From the October 13, 1934, issue


Occasionally, a human infant is so unlucky as to be born without arms. Surviving in spite of this handicap (for the human breed is remarkably tough and adaptable) these underequipped children grow up into “armless wonders,” who compensate for their lack of the normal grasping organs by training their toes to such stunts as threading needles and pulling corks. A number of these “armless wonders,” have made good livings out of their congenital misfortune by going on the vaudeville stage to exhibit their skill.

Now, these human “armless wonders,” have been joined by a “wingless wonder” of the barnyard—a rooster hatched without wings, which nevertheless has managed to grow to a lusty, crowing adulthood. And just as the armlessness of the human specimens provides them with a career, so the winglessness of this bird has carried him into the most distinguished circles, far from the quiet Kentucky hillside where he first pipped his shell.

It is not mere curiosity-seekers in a vaudeville house who have sought this unique wingless rooster. Noted scientists in several great research laboratories, at the Smithsonian Institution, at Princeton University, and elsewhere, have been glad to make his acquaintance. They have examined his anatomy, they have taken intimate interior views of him with X rays, they have made careful studies of the effects of his winglessness on his behavior. And finally, they have provided him with a suitable harem, so that they might see whether his peculiarity will be transmitted to his progeny.


Artificial production of radioactive elements useful in medicine and superior in intensity to radium was predicted by the famous husband-and-wife scientific team, Prof. F. Joliot and Irene Curie of Paris, who discovered artificial radioactivity less than a year ago.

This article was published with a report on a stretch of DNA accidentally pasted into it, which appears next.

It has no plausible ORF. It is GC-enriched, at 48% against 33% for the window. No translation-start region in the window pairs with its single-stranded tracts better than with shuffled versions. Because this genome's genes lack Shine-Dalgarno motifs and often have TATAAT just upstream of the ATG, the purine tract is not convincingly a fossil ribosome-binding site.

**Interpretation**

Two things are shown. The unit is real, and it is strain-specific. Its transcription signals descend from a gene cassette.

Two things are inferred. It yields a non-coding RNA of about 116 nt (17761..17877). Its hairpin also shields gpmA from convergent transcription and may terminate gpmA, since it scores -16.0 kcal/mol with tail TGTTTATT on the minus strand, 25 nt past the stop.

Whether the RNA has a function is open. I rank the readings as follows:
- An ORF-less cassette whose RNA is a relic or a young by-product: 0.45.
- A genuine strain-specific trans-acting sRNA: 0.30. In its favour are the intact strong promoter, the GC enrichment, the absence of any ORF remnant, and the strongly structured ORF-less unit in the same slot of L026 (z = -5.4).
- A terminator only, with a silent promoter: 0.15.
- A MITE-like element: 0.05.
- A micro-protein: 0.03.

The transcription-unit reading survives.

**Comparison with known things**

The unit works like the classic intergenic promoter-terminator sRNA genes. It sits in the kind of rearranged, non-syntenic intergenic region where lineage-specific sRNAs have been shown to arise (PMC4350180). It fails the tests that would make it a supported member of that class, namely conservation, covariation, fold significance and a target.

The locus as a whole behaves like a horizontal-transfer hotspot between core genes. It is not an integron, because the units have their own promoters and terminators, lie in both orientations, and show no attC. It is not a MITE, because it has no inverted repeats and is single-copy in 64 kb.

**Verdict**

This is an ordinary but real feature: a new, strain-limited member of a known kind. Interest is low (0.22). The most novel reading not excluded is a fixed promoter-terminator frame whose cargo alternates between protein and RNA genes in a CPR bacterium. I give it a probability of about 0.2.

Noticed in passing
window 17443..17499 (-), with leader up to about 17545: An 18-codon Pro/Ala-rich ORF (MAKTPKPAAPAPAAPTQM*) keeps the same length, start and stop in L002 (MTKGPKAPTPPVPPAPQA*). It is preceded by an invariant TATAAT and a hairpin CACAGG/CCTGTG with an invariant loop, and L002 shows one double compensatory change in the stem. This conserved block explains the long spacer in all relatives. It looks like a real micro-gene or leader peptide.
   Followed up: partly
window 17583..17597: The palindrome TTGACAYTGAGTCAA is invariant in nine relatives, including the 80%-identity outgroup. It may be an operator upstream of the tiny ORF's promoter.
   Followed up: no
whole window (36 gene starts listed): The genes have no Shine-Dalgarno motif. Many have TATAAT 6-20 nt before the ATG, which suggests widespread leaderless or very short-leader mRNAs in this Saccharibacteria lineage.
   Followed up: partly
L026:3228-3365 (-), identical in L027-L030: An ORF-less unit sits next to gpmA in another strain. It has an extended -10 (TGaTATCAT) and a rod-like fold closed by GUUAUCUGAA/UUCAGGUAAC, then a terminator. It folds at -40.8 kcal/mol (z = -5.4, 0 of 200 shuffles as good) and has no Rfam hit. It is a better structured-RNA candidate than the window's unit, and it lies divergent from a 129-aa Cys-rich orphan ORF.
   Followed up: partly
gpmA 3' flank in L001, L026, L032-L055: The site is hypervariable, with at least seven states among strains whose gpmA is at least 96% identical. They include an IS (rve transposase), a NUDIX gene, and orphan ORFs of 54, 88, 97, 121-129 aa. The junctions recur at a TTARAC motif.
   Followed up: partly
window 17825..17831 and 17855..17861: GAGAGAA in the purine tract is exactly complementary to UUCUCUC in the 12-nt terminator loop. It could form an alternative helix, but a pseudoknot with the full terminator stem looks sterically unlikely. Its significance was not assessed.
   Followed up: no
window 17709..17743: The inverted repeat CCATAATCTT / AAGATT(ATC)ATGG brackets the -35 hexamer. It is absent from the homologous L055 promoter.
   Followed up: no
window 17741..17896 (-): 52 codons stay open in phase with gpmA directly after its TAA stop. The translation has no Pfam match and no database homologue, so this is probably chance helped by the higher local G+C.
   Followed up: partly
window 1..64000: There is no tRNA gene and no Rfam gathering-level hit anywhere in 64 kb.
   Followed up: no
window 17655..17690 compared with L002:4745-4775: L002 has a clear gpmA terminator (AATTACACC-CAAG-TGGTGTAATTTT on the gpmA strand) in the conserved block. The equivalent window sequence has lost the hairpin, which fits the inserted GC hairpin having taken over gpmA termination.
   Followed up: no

Speaking before the International Conference of Physics, at London, the Joliots expressed their hope of producing superior radioactive elements with useful properties not possessed by the radioactive substances in the development of which the famous parents of Mme. Joliot played such an important part.

These powerful radioelements that the Joliots foresee when introduced into the living body must, they declared, behave very differently because of their chemical properties and the fact that they will disintegrate without leaving a radioactive residue.

This has great possibilities in medicine. It may mean a new kind of cancer treatment in which artificial radioactive substances produced cheaply can be introduced directly into the cancerous tissue to do their work, and then become harmless.


Matter being annihilated in the heated interiors of the stars and flashing “new star” novae as the origin of the cosmic rays was suggested by Dr. R.A. Millikan when he reported to the International Conference on Physics the first details of the very high-altitude survey of cosmic rays made by the California Institute of Technology research team consisting of Dr. I.S. Bowen, Dr. Millikan, and Dr. H. Victor Neher.

“The only source of the observed cosmic-ray energies now in sight,” Dr. Millikan reported, “is the annihilation of matter. But the softest components of the cosmic rays have energies corresponding to the partial annihilation or atom-building hypothesis, while the energies of the hardest correspond to the complete annihilation of atoms.”

Thus, in his latest interpretations, Dr. Millikan sees the cosmic rays as both the “death cries” and “birth cries” of matter. These mysterious penetrating radiations are seen as the signals of both tearing down and rebuilding of the stuff of the universe.

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